[[wysiwyg_imageupload:78:height=100,width=70]]This year, the Consumer Electronics Show (CES) looked a lot like an auto show. The show floor had a large area on in-vehicle technology with a lot of vehicles there to demonstrate it. Ford’s CEO, Alan Mulally, gave a keynote address describing the new Sync system that Ford is introducing, which you can view here, while Kia unveiled their competitive UVO system – covered by CNET here.
Both Sync and UVO are designed to provide all the different functions consumers might want in a car – not only GPS and sound, but also a number of Web-enabled applications – in an integrated unit. These companies, and others working on similar systems, claim they can improve safety by making these units primarily voice-activated, and by eliminating the need to fiddle with a separate MP3 player, smart phone, and GPS. But at a time when distracted driving has become a major national issue, there are real safety concerns about having these screens in cars – summarized well in a recent New York Times article. While in-car Internet access can have safety benefits – for example, in reaching help in case of an accident – there’s clear cause for concern in having so many different options available on a dashboard screen.
Another issue is the growth of dashboard-mounted DVD players, available both from auto manufacturers and as after-market add-ons. These DVD players are legally supposed to be used only when the car is not moving, but it’s not clear why so many drivers would buy them if that were their only purpose. Even when these DVD players come with safety features that disable them when the car is in motion, drivers may try to override that safeguard. Just search “front-seat DVD player override” online, as I just did, and see what advice you find (but please don’t follow any of it).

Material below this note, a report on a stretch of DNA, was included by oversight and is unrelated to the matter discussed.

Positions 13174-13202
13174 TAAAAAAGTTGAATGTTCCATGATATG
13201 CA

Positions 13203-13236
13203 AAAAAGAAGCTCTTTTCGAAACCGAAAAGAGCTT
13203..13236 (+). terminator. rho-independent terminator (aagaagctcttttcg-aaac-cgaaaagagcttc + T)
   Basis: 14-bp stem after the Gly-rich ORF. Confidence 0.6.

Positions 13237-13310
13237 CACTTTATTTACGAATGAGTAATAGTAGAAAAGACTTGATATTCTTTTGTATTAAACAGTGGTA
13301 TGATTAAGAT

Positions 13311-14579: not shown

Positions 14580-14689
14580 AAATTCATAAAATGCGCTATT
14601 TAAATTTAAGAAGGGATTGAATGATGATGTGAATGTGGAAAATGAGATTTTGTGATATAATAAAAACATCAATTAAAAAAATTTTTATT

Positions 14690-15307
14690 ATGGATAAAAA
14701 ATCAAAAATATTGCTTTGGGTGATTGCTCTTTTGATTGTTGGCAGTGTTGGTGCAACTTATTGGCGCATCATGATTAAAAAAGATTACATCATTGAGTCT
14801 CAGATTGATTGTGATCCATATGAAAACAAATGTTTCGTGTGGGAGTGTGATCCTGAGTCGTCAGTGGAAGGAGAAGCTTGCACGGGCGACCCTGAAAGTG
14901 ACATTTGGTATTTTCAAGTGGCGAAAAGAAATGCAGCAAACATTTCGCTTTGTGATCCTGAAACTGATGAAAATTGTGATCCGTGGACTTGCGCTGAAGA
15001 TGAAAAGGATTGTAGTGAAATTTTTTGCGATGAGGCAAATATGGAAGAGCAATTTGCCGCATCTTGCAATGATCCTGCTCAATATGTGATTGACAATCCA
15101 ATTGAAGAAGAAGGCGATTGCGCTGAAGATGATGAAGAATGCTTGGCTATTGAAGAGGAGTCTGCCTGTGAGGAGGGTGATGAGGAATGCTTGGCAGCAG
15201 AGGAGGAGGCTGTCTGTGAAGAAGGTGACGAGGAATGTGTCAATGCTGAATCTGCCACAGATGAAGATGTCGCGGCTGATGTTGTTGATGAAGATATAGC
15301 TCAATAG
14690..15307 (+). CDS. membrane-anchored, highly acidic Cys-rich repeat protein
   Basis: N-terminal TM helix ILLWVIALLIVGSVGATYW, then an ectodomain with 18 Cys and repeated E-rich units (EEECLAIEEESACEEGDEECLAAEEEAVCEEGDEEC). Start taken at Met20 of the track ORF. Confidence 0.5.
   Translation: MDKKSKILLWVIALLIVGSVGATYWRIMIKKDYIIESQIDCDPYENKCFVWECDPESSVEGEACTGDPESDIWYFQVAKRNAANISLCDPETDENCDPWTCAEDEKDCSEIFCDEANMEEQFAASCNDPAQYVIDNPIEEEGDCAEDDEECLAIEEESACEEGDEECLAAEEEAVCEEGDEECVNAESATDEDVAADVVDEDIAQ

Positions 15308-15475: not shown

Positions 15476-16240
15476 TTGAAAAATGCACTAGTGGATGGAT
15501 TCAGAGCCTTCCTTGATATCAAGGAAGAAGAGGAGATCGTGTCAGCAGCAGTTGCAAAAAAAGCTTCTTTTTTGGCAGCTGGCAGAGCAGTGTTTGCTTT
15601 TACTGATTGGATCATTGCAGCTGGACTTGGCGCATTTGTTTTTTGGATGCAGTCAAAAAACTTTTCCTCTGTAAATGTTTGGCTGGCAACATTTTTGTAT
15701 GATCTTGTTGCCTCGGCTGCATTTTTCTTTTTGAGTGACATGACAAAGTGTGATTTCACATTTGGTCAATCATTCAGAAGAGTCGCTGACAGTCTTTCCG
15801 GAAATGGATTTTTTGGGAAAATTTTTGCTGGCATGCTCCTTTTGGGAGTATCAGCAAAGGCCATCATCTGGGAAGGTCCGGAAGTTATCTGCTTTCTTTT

My own in-car entertainment is limited to the radio, my MP3 player, and audiobooks, which help keep me awake and focused on long drives. But younger drivers especially have different expectations for their automotive experience. At a CES session on bringing the Internet to the automobile, it was clear that the concept of the car as a full-fledged “infotainment” center has taken hold. One presenter cited a study showing that Generation Y drivers expect driving a car to be like playing a video game – maybe an overstatement, but frightening nonetheless.
At the FCC, we’re very concerned about the problem of distracted driving, which some believe could soon be the leading cause of driving deaths in America. We’re working on this issue with the Department of Transportation, which has taken strong leadership in addressing it. We’re also encouraged to see the consumer electronics industry beginning to show its concern, and to see innovative companies developing new applications and devices to minimize driver distractions. New products and services can let you access your email by voice rather than typing on a smartphone; disable your cell phone and send automated email responses while you’re driving; and in other ways reduce cognitive distractions while on the road.
We believe that solving the problem of distracted driving requires a combination of education, law enforcement, behavioral change, and innovation. You can access our resources on distracted driving, including a workshop we held in November 2009, at the CGB section of FCC.gov. And we welcome your ideas on the best ways to address this important issue.